Rosalie’s committee involvement has included the following organisations: SE Qld NAIDOC, Under Eights’ Week, Qld Children’s Week, Australian Early Childhood Association, Australian Association of Early Childhood Educators, Save the Children, Qld Women in the Public Service, Reconciliation Queensland and Diversity in Child Care Qld. She has been actively involved in the planning of Cultural Sharing Days for the early childhood sector for many years. Cultural activities and experiences are offered to young children within a culturally inclusive environment.
Rosalie is keen to see the membership base of RQI expand to include a greater number of Local Reconciliation Groups throughout Queensland. Her interest in the visual and performing arts sees an opportunity for Reconciliation to take place through these media and she has worked to create an active partnership between RQI and Indigenous arts organisations in Qld. Rosalie sees Reading for Reconciliation programs as another pathway towards Reconciliation and has been involved with a Reconciliation Reading Group for two years.
She believes that active networking and partnerships with other organisations and businesses is essential for the future growth and development of RQI.
Uncle Bill Buchanan – Committee Member
Uncle Bill Buchanan is a descendant of the Kooma/Gwamu First Nation Peoples of SW Qld, a former Aboriginal Co-Chair and State Coordinator (Constitutional Recognition Coalition) at Reconciliation Queensland (RQI). Uncle Bill is a serving Aboriginal Elder/Respected Person of the Murri Courts in Queensland and an Ambassador of the National Indigenous Cancer Network (NICaN).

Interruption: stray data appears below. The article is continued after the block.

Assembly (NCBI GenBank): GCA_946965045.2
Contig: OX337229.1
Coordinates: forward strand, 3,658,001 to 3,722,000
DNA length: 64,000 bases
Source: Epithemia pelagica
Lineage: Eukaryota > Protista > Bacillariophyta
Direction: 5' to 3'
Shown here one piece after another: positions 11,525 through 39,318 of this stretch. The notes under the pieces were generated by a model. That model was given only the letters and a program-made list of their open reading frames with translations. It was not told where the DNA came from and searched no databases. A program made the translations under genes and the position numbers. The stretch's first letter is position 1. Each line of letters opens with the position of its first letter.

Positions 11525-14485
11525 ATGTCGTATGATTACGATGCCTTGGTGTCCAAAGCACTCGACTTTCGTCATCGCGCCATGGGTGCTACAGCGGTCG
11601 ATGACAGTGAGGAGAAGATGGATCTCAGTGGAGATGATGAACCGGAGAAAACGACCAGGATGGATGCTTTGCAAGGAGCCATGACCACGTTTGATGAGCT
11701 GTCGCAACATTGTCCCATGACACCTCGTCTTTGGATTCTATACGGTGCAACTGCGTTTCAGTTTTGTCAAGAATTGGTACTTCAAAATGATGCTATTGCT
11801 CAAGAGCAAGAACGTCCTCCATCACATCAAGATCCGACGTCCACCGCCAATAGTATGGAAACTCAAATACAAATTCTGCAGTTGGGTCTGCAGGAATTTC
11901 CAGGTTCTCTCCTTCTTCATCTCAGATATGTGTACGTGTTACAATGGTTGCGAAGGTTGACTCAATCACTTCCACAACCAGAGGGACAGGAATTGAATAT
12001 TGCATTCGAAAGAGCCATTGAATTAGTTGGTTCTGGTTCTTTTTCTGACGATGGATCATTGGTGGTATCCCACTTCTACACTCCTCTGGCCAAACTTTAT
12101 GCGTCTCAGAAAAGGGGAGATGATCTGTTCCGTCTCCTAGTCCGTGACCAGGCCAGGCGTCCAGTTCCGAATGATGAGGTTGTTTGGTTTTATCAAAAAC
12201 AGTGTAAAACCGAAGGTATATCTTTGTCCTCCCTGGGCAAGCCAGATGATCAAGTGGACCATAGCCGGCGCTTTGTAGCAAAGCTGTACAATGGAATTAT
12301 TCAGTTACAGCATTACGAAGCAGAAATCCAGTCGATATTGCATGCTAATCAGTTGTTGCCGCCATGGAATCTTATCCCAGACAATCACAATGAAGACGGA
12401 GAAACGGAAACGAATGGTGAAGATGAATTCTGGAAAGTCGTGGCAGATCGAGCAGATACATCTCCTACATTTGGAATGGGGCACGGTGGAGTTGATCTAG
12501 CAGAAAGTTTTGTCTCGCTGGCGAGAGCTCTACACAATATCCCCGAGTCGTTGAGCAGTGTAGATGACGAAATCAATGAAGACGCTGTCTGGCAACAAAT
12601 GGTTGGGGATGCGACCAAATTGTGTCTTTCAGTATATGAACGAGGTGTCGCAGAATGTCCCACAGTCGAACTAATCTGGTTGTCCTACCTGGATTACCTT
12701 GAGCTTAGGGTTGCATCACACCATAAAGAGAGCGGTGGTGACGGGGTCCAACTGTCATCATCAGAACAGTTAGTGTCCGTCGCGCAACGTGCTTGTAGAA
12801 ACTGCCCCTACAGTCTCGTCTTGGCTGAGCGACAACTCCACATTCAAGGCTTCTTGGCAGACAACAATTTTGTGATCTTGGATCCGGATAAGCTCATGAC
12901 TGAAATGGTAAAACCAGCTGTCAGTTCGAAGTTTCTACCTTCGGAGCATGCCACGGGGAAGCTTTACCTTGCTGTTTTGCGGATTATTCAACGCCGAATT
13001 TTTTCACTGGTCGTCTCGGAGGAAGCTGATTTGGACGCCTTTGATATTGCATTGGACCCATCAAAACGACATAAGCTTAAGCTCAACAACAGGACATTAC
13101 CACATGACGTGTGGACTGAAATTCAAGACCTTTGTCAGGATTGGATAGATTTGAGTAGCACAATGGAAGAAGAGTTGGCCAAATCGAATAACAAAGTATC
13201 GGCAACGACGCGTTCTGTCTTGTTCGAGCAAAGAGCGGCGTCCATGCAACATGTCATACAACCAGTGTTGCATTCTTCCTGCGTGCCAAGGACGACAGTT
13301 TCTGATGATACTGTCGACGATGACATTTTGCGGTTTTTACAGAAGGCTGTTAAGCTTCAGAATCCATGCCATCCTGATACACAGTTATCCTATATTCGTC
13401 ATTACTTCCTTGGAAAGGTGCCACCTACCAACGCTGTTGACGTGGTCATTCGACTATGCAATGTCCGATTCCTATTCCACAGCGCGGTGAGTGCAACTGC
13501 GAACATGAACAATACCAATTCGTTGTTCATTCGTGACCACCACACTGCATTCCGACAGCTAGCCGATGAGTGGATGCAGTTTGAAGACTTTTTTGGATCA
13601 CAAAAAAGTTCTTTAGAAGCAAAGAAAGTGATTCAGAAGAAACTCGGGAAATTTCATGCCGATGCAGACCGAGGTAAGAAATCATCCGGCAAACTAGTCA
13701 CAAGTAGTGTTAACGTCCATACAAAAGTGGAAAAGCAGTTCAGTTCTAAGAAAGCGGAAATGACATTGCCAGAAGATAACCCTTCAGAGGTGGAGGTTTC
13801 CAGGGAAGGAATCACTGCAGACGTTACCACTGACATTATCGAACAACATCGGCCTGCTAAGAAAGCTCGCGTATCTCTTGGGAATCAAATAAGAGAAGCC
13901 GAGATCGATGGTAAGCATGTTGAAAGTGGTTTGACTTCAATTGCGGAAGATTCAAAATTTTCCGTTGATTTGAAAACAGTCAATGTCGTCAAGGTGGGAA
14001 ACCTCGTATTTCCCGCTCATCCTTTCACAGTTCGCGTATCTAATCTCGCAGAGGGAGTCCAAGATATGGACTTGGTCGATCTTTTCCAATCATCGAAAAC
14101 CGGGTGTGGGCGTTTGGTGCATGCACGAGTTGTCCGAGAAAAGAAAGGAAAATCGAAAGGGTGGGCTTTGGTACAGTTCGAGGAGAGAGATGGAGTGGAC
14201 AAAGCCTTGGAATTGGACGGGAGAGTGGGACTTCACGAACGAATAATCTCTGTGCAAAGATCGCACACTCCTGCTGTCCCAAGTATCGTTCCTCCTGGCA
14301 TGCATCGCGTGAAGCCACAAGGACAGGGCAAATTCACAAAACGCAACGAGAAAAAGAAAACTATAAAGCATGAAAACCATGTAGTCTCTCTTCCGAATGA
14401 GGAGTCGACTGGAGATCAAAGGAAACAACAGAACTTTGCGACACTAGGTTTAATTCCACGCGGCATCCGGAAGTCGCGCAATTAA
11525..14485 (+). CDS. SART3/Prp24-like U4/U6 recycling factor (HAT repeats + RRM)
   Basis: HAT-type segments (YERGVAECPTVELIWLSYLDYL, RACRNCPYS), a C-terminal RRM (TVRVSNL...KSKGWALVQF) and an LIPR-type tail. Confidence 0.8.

Uncle Bill is also acknowledged as a strategic and conceptual thinker with keen interests in the application of corporate social responsibility investment strategies to achieve reconciliation and equity. He is keen to see all levels of business and government adopt the key recommendations of the recent ‘State of Reconciliation in Australia’ report into their corporate programs and practise.
As a community elder Uncle Bill acknowledges the great potential of the World Indigenous Nations University (WINU) developed in 2013 under the Charter of the United Nations can also have in progressing reconciliation priorities for our First Nation Peoples. With the WINU now establishing its presence here in Australia, it is an important time to coordinate investment and to accelerate the revitalisation and restoration of the academy of Australia’s many First Nation Peoples particularly in the key areas of traditional knowledges, cultural governance and languages.
Uncle Bill is a long serving member of RQI and has significant experience in developing and integrating Reconciliation Action Plans (RAPs) as well as implementing the “Narragunnawali: Reconciliation in Schools and Early Learning” programs for Queensland schools and early learning institutions. He has also significant experience working in the community, government and private sectors as an Indigenous business facilitator, strategic policy advisor, program manager, cultural competence/cultural safety trainer and complexity management practitioner.